Things went fairly well for Blofly over the next several years, excepting two cases of bronchitis and a nagging bladder infection that lasted for an inordinate amount of time without any form of relief.
Medical treatment was, of course, not of the highest quality. Blofly’s mother still adored him, but had barely enough money to keep him fed, as Oberwalz was not yet prone to tremendous desire for whores and she could only do so much in a day. She was also not very popular with the more desirable men, as many were disgusted by her stump.
It was in his ninth year of life that his mother came down with a virulent sexually transmitted disease that ravaged their already trickling monetary flow, leaving his mother only the most undesirable gentleman callers coming to their “home” at all hours. The noises that he had heard became commonplace and he was, by then, far too old not to know what was going on under their roof.
At first, he was mildly standoffish with his mother, but it quickly evolved into a case of severe bitterness toward the only person that had loved him.
He did poorly in school and became friends with only the outcasts and loners, vandalizing property after school hours, shoplifting, and getting brought home by the police on regular occasions. His mother’s loving pleas worked on the police for the first few occasions, but they became hardened to her begging for her son’s well-being as his acts of crime became more frequent.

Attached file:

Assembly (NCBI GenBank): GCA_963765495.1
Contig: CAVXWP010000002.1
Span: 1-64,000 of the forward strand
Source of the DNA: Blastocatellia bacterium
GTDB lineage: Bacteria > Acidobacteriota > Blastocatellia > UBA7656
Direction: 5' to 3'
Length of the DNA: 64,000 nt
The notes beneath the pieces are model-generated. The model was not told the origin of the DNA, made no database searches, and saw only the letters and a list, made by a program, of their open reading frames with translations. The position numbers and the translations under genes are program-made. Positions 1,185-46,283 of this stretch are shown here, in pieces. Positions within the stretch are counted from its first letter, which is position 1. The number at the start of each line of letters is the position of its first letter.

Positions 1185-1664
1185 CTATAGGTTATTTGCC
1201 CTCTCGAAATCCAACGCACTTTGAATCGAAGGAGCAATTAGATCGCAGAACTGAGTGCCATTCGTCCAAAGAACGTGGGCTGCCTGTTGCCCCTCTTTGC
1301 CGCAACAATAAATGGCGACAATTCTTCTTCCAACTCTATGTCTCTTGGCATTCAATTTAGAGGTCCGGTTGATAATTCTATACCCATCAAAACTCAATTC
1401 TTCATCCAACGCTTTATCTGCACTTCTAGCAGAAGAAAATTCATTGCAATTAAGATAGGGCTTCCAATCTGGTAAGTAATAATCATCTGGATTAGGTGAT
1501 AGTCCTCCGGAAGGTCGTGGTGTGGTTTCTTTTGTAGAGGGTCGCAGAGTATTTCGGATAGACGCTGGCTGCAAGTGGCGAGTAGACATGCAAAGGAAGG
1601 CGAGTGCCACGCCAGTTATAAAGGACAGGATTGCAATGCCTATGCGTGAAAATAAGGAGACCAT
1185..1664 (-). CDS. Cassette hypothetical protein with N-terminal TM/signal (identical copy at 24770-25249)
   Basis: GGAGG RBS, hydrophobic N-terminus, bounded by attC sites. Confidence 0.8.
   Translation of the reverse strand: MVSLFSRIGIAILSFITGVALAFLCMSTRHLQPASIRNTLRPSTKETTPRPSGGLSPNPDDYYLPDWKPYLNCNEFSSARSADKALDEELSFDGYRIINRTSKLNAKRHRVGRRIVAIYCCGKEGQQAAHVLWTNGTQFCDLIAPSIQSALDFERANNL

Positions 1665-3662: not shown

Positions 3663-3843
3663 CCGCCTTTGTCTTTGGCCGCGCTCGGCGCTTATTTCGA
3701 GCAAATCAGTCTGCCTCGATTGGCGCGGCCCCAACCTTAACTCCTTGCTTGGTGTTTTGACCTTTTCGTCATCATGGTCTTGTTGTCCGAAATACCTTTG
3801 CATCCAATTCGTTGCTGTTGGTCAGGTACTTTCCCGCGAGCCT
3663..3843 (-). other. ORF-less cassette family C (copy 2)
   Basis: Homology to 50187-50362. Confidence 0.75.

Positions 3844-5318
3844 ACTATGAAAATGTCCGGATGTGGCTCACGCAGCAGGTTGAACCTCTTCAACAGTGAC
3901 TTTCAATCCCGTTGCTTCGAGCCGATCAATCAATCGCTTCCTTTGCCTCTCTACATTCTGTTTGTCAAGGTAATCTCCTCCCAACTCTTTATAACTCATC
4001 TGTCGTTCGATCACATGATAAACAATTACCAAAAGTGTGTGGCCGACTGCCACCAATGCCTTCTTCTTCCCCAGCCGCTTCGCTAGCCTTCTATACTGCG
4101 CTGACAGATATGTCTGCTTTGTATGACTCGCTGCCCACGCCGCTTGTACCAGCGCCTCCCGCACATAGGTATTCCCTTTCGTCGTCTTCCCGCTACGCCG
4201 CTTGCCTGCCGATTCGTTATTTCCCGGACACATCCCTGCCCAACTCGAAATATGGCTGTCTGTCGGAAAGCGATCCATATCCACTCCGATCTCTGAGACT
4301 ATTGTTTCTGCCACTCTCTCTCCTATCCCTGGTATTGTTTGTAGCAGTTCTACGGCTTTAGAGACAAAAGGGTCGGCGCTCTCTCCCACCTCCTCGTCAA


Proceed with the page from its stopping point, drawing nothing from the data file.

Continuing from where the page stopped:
Soon, though, she would be unable to plead, regardless. As Ernest was arrested by the juvenile authorities and reprimanded repeatedly, his mother came down with a case of tuberculosis.
Ernest grew as his mother withered, coughed, spat blood, and died.
He left the Morston Villachang School when he was 13. He would never complete his education. He spent most of the rest of his life working.
At first, he reveled in his freedom. He was able to make a small amount of money working as a mechanic trainee at the Samung Catheter Factory, where he made friends with a young man named Rufus Mogwell.
Rufus began hanging around Ernest’s home regularly and introducing Ernest to the joys of cocaine.
The timing of their meeting was very unfortunate for Ernest Blofly, who was caught in a sting operation designed to bust Rufus and take him and all of his compatriots into custody.
Blofly began his sixteenth year of life in jail.